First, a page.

Why is 32-bit the default for Windows JUCE projects?


#1

As the title says - the first thing I have to go and do every time I make a new Projucer project (or open a default one like the plugin host example) is change the build from 32-bit to 64-bit. JUCE defaults to 64-bit for Linux and macOS, why not Windows? It’s 2016, and I know exactly zero people with a 32-bit processor in their PC.

Additionally, for plugins a lot of DAWs won’t even load 32-bit plugins anymore, which could very well put off new folks compiling the example plugins who might not be able to get them to load.


#2

Same question here…


#3

Thirded. It’s quite annoying.

(Almost as annoying as the way that if you aren’t on the very latest OSX, then when you launch the default project without changing the settings, it won’t run because of the OS version compatibility settings defaults!!)


#4

your friends != real world costumers

I think there exists also a 32bit version of windows 10 :wink:

32bit has one major advantage over 64bit, i can run on both - 32bit and 64bit systems.


#5

I think they addressed this specific problem with this recent commit on develop:


#6

Oh thank god for that. :slight_smile: Cheers whoever did that!


#7

I’d say the majority of juce developers are on 64-bit machines, and likewise they foremost develop 64-bit stuff. That said, of course some will eventually make 32-bit versions of some of their stuff, but the deafult settings for all samples and demos should pref be 64 bit.


#8

Yes, I’m aware of this and know there’s a decent population of musicians who use ancient PCs because that’s what they’re comfortable with. If there’s some customer who demands running Cubase 4 in Windows XP for whatever reason and a JUCE developer chooses to support them, that’s their choice and that’s fine - I’m not suggesting JUCE drop 32-bit Windows support and I don’t think it should by any means. That’s not really what I’m talking about in this post. I’m saying that the default architecture for VS2010+ projects should be 64-bit.

While this is the true for standalone apps, it gets more complex for audio plugins. The architecture of the DAW needs to be the same as the architecture of the plugin in almost all cases. In fact I’m not aware of an exception where a DAW has a jbridge-like 32-64 bridge built in.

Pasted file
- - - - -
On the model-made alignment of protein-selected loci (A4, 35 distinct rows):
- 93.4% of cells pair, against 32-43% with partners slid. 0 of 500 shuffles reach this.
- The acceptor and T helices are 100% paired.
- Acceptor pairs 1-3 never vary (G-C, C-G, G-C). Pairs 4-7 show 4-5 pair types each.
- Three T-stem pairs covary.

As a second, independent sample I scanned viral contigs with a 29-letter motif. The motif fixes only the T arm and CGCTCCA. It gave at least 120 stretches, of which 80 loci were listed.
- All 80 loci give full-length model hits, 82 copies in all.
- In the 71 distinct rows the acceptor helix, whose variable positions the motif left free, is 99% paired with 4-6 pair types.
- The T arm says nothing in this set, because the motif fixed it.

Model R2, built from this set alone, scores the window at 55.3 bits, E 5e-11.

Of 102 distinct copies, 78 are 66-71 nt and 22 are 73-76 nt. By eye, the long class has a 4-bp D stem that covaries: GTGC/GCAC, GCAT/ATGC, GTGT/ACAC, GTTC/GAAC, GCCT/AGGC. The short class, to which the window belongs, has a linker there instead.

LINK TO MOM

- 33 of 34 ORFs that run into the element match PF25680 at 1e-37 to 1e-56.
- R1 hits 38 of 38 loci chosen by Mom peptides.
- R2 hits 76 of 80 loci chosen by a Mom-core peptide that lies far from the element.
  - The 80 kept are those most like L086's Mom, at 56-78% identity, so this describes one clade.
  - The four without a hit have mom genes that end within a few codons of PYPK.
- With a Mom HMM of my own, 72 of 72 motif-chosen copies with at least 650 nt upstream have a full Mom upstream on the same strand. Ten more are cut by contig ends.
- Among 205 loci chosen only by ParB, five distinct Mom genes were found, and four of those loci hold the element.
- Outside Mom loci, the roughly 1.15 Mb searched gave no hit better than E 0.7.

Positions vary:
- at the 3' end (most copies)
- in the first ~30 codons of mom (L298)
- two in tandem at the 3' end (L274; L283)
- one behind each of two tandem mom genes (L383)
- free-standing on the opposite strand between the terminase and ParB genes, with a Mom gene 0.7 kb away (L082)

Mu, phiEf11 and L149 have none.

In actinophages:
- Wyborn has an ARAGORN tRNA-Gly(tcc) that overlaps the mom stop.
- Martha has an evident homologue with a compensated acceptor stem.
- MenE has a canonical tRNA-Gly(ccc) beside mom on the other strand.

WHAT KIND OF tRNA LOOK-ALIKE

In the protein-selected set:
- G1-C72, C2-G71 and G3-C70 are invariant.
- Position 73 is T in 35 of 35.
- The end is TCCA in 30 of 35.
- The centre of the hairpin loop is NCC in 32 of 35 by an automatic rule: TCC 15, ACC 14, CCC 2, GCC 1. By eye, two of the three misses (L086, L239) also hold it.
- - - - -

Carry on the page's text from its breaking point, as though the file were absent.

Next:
Like I said, my main concerns are that this can cause issues for people who might be trying out JUCE for the first time and can’t figure out why their 32-bit default compiled plugin won’t load in their 64-bit DAW. Also, it’s annoying for us developers who are likely overwhelmingly on 64-bit PCs.

Another interesting idea would be to choose based on the user’s current architecture at target creation time in the Projucer. I.e. if the user is running 64-bit Windows, when creating a new VS target choose 64-bit or vice versa. But that’s definitely a really elaborate feature for something most people won’t even notice vs. just making the modern 64-bit architecture the default.


#9

Hmmm tough one. I agree that standalone apps should be 32-bit as they will run on all systems. Plug-Ins: I feel that it’s probably the time to move to 64-bit as most developers will be testing in 64-bit hosts and using a bridge makes debugging pretty difficult.

The one exception is the standalone host app. If we are moving to 64-bit plug-ins then the host app also needs to be 64-bit.


#10

While we’re at it, it would also be nice if the debug settings were prepared for Edit & Continue.


#11

Well - the alternative would be a new step in the New Project wizard where it asked you what you wanted for the critical build settings??


#12

And it would be super-helpful actually if the Host App built two binaries, with different names PluginHost32bit and PluginHost64bit. It would have saved me going round in circles a lot early on, and probably would still late at night when I can’t work out why the debugger won’t work or a plugin won’t scan :slight_smile: